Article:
Chinese Delegates to Seek Beijing’s Approval for Pact to Protect Ozone : Environment: Move is hailed as a breakthrough at U.N. conference. India’s endorsement is sought.
Chinese diplomats announced Thursday that they will urge their government to join a treaty to protect the Earth’s threatened ozone layer.
The announcement, made during a U.N. conference here on the ozone layer, was hailed as a significant breakthrough. World leaders and scientists, alarmed by the progressive deterioration of the ozone layer because of man-made chemicals, have repeatedly warned that without the participation of China and India, international efforts to reverse ozone depletion could be in vain in the long term.
“It is a major breakthrough,” Mostafa Tolba, executive director of the U.N. Environment Program, said of the Chinese announcement. “What I am trying to do now is get India (to sign),” Tolba added.
Liz Cook, of the environmental group Friends of the Earth, an official observer here, called the Chinese announcement heartening. She said the precedents set in the ozone accord may determine the success of future treaties involving the far more complex issue of global warming.
“Unless developing countries are satisfied with arrangements in the Montreal Protocol, there is little hope for working out a deal to prevent climate change,” she said, referring to the formal name of the international agreement now being revised at the conference.
China, with a population of 1.1 billion, and India with 800 million people, represent 37% of the world’s population and have an enormous potential to help or hurt ozone restoration efforts. Both countries produce ozone-destroying chemicals used in refrigeration and have embarked upon ambitious plans to place millions of refrigerators in homes.
The Chinese delegation’s announcement that it would ask Beijing to “seriously consider acceding” to the protocol was viewed by diplomats here as an unmistakable signal that China intends to sign. Only 14 months ago at the first ozone conference here, China and India declined to join the Montreal Protocol, and instead issued strongly worded appeals for financial aid to help them switch to safer chemical substitutes under development in the West.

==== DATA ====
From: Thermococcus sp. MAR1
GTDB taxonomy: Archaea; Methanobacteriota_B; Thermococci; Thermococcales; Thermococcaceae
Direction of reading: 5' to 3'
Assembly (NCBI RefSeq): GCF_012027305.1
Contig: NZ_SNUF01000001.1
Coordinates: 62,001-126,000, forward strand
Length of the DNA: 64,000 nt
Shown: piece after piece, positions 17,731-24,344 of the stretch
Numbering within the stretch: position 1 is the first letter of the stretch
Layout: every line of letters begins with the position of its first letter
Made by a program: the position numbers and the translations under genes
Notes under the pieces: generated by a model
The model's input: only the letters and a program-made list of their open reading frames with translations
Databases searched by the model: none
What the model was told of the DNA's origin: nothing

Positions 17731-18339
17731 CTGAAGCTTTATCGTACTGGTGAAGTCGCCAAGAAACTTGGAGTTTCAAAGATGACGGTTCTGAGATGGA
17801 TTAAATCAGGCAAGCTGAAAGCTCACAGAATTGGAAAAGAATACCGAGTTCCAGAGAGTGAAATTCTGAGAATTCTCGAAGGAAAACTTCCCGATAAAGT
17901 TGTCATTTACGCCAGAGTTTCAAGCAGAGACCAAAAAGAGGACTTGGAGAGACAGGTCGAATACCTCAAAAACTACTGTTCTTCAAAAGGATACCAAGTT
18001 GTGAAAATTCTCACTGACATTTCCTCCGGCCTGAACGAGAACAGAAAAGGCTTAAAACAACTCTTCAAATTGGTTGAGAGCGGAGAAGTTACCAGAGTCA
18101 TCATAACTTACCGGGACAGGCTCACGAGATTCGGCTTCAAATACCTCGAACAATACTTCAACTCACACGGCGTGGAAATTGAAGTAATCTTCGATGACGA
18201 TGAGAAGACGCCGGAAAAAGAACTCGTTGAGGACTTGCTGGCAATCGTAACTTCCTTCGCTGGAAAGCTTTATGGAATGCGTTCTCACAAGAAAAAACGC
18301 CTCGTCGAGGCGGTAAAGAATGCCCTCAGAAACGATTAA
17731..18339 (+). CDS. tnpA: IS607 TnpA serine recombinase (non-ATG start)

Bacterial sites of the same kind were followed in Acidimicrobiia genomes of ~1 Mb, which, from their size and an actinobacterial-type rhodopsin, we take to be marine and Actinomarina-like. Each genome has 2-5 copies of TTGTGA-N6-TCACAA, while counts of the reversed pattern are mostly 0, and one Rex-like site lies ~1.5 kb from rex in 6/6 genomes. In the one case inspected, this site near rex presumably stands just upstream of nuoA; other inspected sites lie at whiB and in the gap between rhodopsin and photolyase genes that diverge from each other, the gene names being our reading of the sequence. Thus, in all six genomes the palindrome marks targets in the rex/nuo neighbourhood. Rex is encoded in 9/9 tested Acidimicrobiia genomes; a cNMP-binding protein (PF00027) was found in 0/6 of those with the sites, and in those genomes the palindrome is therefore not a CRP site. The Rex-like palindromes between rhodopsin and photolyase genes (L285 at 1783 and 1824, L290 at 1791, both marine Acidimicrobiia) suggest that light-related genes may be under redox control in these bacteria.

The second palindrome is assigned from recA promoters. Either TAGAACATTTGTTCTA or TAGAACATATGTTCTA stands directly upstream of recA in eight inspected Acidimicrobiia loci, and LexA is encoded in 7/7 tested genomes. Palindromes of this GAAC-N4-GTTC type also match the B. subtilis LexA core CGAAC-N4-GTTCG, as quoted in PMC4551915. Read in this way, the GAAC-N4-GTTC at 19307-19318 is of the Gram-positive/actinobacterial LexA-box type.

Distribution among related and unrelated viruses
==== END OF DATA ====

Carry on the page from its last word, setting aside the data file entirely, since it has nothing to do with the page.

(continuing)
Since then, however, industrialized nations already party to the protocol have tentatively agreed to set up an initial $240-million fund for that purpose.
There have been early indications that China was moving toward joining the global fight to restore the ozone shield. Last summer, it signed the Vienna Convention for the Protection of the Ozone Layer. The convention, first approved in March, 1985, sets out broad policy goals related to ozone depletion. But it was not until the Montreal Protocol was completed in 1987 that specific deadlines and obligations were spelled out.
On Thursday, as delegates met behind closed doors for what were described as “intensive” negotiations, agreement appeared near on the fund, as well as on adjustments to the protocol accelerating the phase-out date for ozone-destroying chlorofluorocarbons (CFCs) and halons by the year 2000, and perhaps earlier. Currently, the accord calls for a 50% phase-out by that time in industrialized countries.
If the Chinese government heeds its delegation’s advice, India would become the last major developing country yet to signal its intention to sign. On Thursday, India’s environment minister, Maneka Gandhi, again assailed industrialized nations for refusing to meet Third World demands for guarantees that new technologies for manufacturing safer chemical substitutes would be made available to developing nations.